Blaxploitation Friday: 'Claudine' - GangStarr Girl : GangStarr Girl

Blaxploitation Friday: ‘Claudine’

[ 0 ] December 3, 2010 |



1974

I decided to bring this series back. I’m starting over from the beginning.

Here’s the backstory: I transferred my blog from Blogspot to WordPress earlier this year and for some reason my blogger posts don’t want to budge automatically. What I mean by that is, on my WordPress backend, there’s a function that allows you to transfer blogs seamlessly but it’s not working for my blog. I can’t figure it out and neither can any of the tech savvy web designers that I’ve asked so the only other option is to transfer them manually. I featured about 80 movies so manual just isn’t going to happen. Besides, there are some things I’d do differently and I never get enough of all things Blaxploitation and neither can you ( I was surprised by how much love this series got) so here’s the post the started it all…

(From the original Blogspot post)

I’m trying something new. I absolutely love blaxploitation movies (and plan to amass as large of a DVD collection as I can). There was a lot of controversy surrounding them because some people felt that they often portrayed blacks in a negative, stereotypical way but on the flipside, they had a message of black empowerment. They’re just so awesomely bad (in the dictionary and slang meanings of that word) that I can’t resist. I see both sides but I lean more toward the positive. Plus, in addition to the actual plots, action and story lines (or lack thereof), their attitudes, the fashion and the music were right on! But I digress.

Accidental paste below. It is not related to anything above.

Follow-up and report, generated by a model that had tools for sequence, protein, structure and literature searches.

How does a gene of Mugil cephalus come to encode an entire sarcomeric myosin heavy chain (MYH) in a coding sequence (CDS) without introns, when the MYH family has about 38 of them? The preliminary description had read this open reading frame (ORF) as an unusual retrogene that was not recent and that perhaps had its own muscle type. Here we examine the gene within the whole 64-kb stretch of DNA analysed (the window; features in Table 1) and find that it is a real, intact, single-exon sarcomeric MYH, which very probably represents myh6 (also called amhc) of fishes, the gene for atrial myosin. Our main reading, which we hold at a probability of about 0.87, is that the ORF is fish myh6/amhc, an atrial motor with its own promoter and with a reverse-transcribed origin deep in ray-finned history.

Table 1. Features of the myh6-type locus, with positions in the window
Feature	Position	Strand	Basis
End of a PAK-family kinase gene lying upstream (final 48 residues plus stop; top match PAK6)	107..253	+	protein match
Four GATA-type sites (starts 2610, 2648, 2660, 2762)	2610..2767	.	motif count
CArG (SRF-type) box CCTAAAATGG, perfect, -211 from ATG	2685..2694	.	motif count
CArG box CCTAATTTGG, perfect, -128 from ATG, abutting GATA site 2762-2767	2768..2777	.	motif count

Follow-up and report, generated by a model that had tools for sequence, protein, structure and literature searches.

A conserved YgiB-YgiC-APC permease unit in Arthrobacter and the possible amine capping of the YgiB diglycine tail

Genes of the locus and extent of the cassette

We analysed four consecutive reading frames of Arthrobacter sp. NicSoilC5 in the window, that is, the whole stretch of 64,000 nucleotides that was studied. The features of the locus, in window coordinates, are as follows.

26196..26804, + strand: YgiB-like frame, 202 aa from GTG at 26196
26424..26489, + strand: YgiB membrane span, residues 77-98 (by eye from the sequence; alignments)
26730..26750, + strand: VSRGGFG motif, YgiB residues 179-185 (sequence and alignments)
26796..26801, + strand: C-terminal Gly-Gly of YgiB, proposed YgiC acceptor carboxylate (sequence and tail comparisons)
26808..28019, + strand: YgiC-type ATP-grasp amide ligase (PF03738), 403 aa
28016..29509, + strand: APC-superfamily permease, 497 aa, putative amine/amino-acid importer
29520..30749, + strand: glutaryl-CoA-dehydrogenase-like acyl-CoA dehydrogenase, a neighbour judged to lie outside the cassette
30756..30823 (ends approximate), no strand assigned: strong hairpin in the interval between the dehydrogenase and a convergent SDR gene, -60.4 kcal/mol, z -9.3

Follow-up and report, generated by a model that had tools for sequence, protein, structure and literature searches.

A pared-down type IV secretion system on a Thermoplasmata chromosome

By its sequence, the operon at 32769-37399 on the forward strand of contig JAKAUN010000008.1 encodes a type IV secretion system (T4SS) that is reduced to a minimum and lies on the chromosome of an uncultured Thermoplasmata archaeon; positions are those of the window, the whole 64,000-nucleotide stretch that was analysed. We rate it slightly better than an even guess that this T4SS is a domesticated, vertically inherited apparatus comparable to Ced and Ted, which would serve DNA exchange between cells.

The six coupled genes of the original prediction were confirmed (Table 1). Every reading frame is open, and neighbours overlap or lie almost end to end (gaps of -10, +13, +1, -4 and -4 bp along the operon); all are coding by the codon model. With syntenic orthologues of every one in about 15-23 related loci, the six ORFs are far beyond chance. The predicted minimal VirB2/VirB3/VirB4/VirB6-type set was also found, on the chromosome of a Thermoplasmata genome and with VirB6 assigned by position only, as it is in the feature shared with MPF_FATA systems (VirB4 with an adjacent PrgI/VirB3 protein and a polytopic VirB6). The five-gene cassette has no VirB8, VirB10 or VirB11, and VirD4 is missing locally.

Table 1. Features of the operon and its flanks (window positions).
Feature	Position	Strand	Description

Claudine starred Diahann Carroll and James Earl Jones (Darth Vador as the love interest? lol) and it depicted the life of a single mother, six children, on welfare as she struggled to take care of her family. She fell in love (Jones’ character) and finally started to get financial, mental and emotional support from a genuine man who accepted she and her family. However, a nosey social worker interferes and threatens her welfare benefits because if Claudine is in a relationship then the benefits stop (this is where The Man comes in to play, trying to keep black women single and the black family structure broken, smh, lol). Overall it’s a complex tail of poor black life in urban America and the typical struggles of single black women and black male anger. It’s rife with messages about how the “system” is racist and corrupt, and why black people need to uplift themselves for themselves. (Power to the people! lol).

*Diahann Carroll was nominated for an Oscar for the role.

P.S. Gladys Knight and the Pips held it down for the soundtrack a la Curtis Mayfield’s pen!

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Category: Blaxploitation Friday, Music, Pop Culture, TV/Film

About the Author ()

Starrene Rhett Rocque is a recovering journalist who often fantasizes about becoming a shotgun-toting B-movie heroine.